Website Security Auditing


I purchased a security scan and audit for my main website this past week. The scan was done by a company called Acunetix.

Basically, a security scan is scan done by another server that attempts to exploit known and malicious vulnerabilities in a website’s code and programming.

If you run an ecommerce website, I highly recommend getting a scan like this, even if you already do a PCI / CISP scan on any regular basis. This was a complete eye opener for me.

Why get a security scan?

Most server scanning programs look at a very broad range of ports and exploits across every available entry path to a server. A website security scan looks only at one spot, Port 80. Since all non-secure web traffic travels across port 80 on a web server, a firewall has very little ability to control anything on this port. Also, a general port or server scan rarely covers detailed exploits in a website’s code, which is where the website scan comes into play.

Getting a security scan is a great way to protect your website and database from being taken over, or destroyed. The security scan points out vulnerabilities in code and tells you exactly what you need to do to fix everything. After implementing the recommendations that accompany the security report, your website will be more secure and a safer place for visitors, and for you.

The Scan:
The security scan took place over a few hours, and was nothing short of an all-out attack on the server.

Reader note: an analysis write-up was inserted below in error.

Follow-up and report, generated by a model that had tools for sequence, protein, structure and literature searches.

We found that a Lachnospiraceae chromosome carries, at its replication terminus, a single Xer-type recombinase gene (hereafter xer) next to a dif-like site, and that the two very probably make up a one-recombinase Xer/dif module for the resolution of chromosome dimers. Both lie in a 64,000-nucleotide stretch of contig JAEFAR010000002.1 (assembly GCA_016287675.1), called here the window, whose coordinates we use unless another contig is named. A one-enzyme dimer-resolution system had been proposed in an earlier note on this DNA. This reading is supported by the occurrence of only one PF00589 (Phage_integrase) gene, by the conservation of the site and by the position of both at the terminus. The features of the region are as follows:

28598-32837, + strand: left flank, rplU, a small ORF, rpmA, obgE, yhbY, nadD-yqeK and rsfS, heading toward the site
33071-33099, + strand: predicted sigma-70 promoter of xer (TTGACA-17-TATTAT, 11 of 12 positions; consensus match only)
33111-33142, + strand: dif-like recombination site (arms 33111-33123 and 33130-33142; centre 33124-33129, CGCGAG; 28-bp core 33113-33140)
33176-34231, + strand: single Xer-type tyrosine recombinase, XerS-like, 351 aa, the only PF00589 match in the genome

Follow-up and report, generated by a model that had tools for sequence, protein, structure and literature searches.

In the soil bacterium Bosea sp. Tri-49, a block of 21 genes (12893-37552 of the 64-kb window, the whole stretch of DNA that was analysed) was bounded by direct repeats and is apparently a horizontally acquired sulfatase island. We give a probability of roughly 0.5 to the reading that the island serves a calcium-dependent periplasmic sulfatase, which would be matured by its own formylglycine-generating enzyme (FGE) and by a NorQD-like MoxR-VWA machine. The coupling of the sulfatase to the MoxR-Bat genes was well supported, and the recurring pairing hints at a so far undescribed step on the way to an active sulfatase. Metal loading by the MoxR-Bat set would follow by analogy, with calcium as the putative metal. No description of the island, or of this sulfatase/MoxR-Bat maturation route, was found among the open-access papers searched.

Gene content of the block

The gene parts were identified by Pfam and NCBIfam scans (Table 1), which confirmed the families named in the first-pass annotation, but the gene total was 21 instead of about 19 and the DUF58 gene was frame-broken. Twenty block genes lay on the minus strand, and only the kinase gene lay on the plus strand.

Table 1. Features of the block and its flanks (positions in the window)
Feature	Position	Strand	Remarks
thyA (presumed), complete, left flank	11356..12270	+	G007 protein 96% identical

Caution: I highly recommend telling your host that you are going to have a company perform this scan. Additionally, I recommend scheduling it during off traffic hours in the event that the scan drops your server completely. Ours is a dedicated server with four, dual core processors, and the scan nearly brought everything down.

The scan itself attempted SQL injection attacks, XSS attacks, and tested hundreds of other known exploits.

The test itself quickly found a few poorly constructed form processing scripts. I realized that they were poorly constructed by the fact that I received over 4,000 emails in under 30 minutes.

The tests themselves are not means to break or takeover a server, but to test for exploits. If this had been a real attack on the server, they very well could have done some major damage, or gained control of something through those scripts.

In the end:
After about three hours, and 1175 alerts, I was emailed a 761 page report on everything that was messed up on the site. Most of the problems required only some simple code changes to fix the vulnerability. Others required some major code reworking, but in the end it only took a few hours to fix everything.

Errors are classified into four alert categories, High, Medium, Low, and Informational, based on what damage someone could do by taking advantage of one of the exploits.

High Alerts are major security holes, that need to be addressed quickly. These issues allow someone the ability to take over a website, database, or even gain root access to a server in some cases.

Medium Alerts are less severe and mainly deal with someone gaining access to sensitive information, browser hijacking, session fixations, and other less globally severe security issues.

Low Alerts include include issues like broken links, abnormal redirects, and user credential problems. All are mainly a usability issue rather than a major security issue.

Informational Alerts include showing email addresses, directory’s listing files and other information giving problems. Some of these alerts may be desired, and others may be accidental.

With each individual error, the report shows which page the error was on and the exact situation that caused the error. Recommendations and links to resources that will help fix the errors are also included with each error.

In addition to the website specific report, a general server information report is included which shows any open ports or general server vulnerabilities.

The cost: